Hypothyroidism in Dogs Natural Treatment

Hypothyroidism in DogsMore commonly known as Cushing’s disease, hypothyroidism is a condition in which the thyroid gland does not produce enough hormones. Just as in humans, there is a form of Cushing ’s disease in dogs as well. Most often found in larger breeds, but known to occur in smaller and toy breeds as well, hypothyroidism in dogs is a much more common condition than you might think.

How can you tell if your pet has hypothyroidism? While the average dog illness diagnosis can share several of the signs, hypothyroidism in dogs tends to exhibit most, if not all, and not just one or two. Hypothyroidism in dogs symptoms include:

1. Weight loss or gain with little or no change in diet or exercise

2. Extremely dry skin, or skin infections

3. Fur loss not explained by rashes, scratching, or parasites

4. Loss of sexual drive, and infertility

5. Loss of mental acuity, and lethargy

A blood test can reveal if the symptoms are in fact a result of Cushing’s disease. Once a veterinarian has determined the dog’s condition is hypothyroidism, what options are available? Keep in mind, any treatment of hypothyroidism in dogs that has not been fixed should never be done with the intent of breeding the dog, as the condition is likely to pass in pups.

Conventional treatment of hypothyroidism is a daily pill regiment of a synthetic thyroid hormone; most commonly thyroxine (levothyroxine), also known as T4. The hormone is one produced naturally in the thyroid gland, and is converted by the body into triiodothyonine, also referred to as T3. However, if the dog’s body is unable to make this conversion, then a supplement of triiodothyonine will be needed as well.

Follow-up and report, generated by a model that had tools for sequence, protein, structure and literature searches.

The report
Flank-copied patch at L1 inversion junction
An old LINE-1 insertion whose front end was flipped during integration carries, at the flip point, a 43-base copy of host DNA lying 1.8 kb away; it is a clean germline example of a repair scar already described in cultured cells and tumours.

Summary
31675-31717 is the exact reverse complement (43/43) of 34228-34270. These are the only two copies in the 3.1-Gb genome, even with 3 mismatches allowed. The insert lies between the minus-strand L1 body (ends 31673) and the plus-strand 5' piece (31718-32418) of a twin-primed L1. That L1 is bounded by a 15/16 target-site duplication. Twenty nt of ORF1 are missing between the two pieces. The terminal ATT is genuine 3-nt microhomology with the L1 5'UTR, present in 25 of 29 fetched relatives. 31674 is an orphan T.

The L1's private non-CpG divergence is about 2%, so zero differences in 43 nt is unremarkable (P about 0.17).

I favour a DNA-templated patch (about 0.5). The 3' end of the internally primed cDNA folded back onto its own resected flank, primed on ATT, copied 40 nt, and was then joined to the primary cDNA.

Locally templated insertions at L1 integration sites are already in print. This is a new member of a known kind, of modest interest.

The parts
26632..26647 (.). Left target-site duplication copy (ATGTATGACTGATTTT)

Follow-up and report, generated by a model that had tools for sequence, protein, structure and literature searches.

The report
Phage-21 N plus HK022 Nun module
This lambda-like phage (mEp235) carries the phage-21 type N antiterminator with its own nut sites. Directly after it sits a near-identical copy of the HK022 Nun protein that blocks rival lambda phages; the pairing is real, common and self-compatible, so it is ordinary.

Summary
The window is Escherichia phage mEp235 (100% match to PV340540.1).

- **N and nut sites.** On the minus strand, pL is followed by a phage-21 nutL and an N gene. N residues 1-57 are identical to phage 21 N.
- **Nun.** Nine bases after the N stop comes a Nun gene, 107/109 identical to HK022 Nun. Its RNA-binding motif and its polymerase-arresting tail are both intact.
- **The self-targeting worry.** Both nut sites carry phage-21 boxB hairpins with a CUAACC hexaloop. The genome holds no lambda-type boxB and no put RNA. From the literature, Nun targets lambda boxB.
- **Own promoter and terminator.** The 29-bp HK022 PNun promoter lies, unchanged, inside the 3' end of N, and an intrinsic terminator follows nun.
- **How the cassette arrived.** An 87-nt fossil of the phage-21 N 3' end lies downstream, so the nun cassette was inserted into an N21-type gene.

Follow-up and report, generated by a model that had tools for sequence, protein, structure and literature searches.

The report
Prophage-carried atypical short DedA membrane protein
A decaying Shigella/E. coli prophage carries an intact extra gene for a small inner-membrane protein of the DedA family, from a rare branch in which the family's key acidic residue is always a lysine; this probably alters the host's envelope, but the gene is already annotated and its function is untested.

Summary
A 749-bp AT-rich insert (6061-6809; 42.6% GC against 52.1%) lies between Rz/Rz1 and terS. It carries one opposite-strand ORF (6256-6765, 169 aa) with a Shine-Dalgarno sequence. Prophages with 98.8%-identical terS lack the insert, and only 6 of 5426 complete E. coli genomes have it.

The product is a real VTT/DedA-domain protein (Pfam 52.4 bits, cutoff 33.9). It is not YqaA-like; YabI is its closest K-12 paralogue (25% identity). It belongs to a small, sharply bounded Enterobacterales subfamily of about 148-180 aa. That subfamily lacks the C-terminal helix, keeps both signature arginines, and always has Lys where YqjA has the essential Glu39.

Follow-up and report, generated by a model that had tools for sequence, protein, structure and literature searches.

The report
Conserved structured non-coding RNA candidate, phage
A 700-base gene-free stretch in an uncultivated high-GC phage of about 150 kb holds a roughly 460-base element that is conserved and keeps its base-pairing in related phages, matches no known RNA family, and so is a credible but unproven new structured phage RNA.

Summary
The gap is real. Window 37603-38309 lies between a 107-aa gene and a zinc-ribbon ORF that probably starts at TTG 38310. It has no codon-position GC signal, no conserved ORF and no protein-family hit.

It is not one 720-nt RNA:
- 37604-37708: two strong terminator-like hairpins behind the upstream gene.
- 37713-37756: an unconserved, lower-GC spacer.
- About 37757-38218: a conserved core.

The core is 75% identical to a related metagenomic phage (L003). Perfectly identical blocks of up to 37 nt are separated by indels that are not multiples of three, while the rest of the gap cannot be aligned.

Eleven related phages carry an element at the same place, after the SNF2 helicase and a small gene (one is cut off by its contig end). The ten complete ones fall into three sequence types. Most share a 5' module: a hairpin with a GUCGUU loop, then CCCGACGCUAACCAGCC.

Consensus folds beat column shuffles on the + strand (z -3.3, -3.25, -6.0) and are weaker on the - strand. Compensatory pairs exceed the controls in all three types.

This treatment of thyroid disease in dogs must be continued for the rest of the dog’s life, as it can cause the thyroid to cease production of the hormone completely, or even cause hyperthyroidism—production of too much of the hormone. Even without complications, the pill treatment should be continued indefinitely.

If conventional treatment sounds drastic to you, speak to a veterinarian about other options. There are alternative treatments for hypothyroidism in dogs, recommended by holistic veterinarians. These usually involve natural or herbal supplements, diet changes, and more frequent exercise.

Natural treatments include bladderwrack (kelp), or Astragalus membranaceous (Huang Qi), or licorice root. Of course, any treatments, natural or conventional, should be given at the direction of a veterinarian. With the proper diagnosis and treatment, a dog with hypothyroidism can still live a full, healthy life. Any treatments should show results in around four to six weeks.